A couple hoping a week-long trial would end their bitter battle with a Manitoba child welfare agency that apprehended their newborn son from hospital will have to wait until March 6 after a judge delayed the trial so the father could get a legal aid lawyer.
The couple, who can’t be named because the child is in the child welfare system, believes the system is unfairly rigged to force parents to comply with demands by an agency – like supervised visits with their child– who they believe should never have been apprehended.
The boy was taken at birth because his mother was convicted of failing to protect her infant daughter six years ago from injury.
She was at the time, trapped in an abusive relationship herself.
Her abuser got 18 months for assaulting the mother – and she in turn got three years probation and lost her daughter for not keeping her from harm.
Someone had shaken the baby but the courts couldn’t prove who did it.
A legal aid lawyer convinced her to plead guilty to failing to protect the baby, for which she was put on the province’s child abuse registry.
Court records show Justice Scott Abel, the same judge presiding over their matter on Monday, had said the guilty plea was enough to put her on the registry as an abuser.
The mother’s legal aid lawyer had asked Abel to recuse himself from the trial on Monday, saying her client feels he’s biased against her.
Abel rejected that, saying the previous matter doesn’t bias him in the current case.
The mother has been out of that abusive relationship for nearly six years.
She said she’s in a healthy, loving relationship with her son’s father, and helps raise his older children from previous relationships, but none of that seems to matter.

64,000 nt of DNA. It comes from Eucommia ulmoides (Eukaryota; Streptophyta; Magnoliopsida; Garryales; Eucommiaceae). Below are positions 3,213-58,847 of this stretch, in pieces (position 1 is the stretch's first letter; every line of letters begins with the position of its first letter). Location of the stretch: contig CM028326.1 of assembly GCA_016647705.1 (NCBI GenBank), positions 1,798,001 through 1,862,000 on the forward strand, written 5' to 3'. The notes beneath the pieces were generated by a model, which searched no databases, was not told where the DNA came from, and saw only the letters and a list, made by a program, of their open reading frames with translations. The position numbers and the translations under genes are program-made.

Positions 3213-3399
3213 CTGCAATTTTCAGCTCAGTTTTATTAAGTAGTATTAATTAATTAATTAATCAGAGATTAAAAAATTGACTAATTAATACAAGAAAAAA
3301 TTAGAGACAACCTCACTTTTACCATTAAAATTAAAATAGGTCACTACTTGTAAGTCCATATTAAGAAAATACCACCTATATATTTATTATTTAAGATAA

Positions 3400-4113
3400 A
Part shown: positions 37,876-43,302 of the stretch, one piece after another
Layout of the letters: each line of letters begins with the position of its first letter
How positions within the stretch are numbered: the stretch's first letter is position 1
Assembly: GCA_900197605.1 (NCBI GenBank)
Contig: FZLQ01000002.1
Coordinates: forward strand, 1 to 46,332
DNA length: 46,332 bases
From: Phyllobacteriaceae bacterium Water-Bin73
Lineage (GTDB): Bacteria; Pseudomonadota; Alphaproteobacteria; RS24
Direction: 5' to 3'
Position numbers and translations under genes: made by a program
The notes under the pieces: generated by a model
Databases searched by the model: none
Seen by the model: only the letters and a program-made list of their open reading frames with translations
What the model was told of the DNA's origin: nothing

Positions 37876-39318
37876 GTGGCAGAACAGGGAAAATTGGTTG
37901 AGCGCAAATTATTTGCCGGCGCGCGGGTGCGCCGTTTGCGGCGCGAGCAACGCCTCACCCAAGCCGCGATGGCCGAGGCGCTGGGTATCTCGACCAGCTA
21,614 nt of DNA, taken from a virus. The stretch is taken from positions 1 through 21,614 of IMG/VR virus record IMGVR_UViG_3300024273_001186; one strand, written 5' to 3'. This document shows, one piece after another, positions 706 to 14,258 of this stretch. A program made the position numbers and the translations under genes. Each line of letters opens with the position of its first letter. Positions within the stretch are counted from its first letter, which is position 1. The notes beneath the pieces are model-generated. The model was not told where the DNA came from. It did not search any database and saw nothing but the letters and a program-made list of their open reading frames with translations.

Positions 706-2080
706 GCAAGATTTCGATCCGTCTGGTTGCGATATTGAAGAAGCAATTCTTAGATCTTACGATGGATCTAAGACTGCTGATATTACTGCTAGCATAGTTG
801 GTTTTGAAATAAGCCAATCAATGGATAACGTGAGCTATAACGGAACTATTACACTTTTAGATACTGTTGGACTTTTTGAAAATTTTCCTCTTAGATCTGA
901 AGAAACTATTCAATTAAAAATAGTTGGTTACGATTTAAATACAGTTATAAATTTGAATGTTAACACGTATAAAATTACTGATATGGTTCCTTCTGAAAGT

Suspecting there’d be problems because of her prior involvement with child welfare, the couple had contacted Michif Child and Family Services in December 2018 — four months before their son was born.
“All of December I was trying to meet with them to make a case plan to make sure my unborn child was not taken from us,” said mother.
In April 2019, weeks before their son was born, they heard back from the agency that they wanted to meet.
“They said nothing about an apprehension, it was possible but probably not, and would need to do a home inspection. We passed it – passed two by two totally different agencies,” said mom.
Then their son was born later that month and in swooped CFS.
They’d put a birth alert on mom’s health file so that anywhere she had the baby, hospital staff are flagged to notify the agency.
The baby was a day old when they took him from his nursing mom. The agency occasionally sends the parents photos of their son along with notes about how he’s growing.
“It’s like they rub our noses in it with these photos of our son who they stole,” the mother has told APTN. The couple’s story was first made public on APTN InFocus last September
The infant is now nine months old and still living in foster care. He’s never been home and his parents have stopped seeing him, refusing to abide by the agency’s demand that they supervise their visits.
“I will not be forced into anything, I’m not guilty or accused of anything there was no reason to take my son,” the dad said after court Monday. “I have my other children and their mothers are all behind me on this too.”
APTN News has numerous emails from Michif CFS to the parents admonishing them for being “disrespectful” to staff when they criticize the agency for taking the boy.
In court Monday, the father started court proceedings asking if “you’ll finally tell me why you took my son.”
Justice Scott Abel said the point of a trial is for the agency to lay out why. But those arguments were never heard because court adjourned so the father could get his own legal aid lawyer.
“Legal aid gets paid when CFS takes children so it’s in their best interests to drag it out and help as little as possible,” said the frustrated father. “I’m probably better off defending myself but the court refuses to hear me out or answer any of my questions.”
Before court got underway the father asked two Michif CFS staff members in the hallway, “Are you guys going to tell me why you illegally have my son?”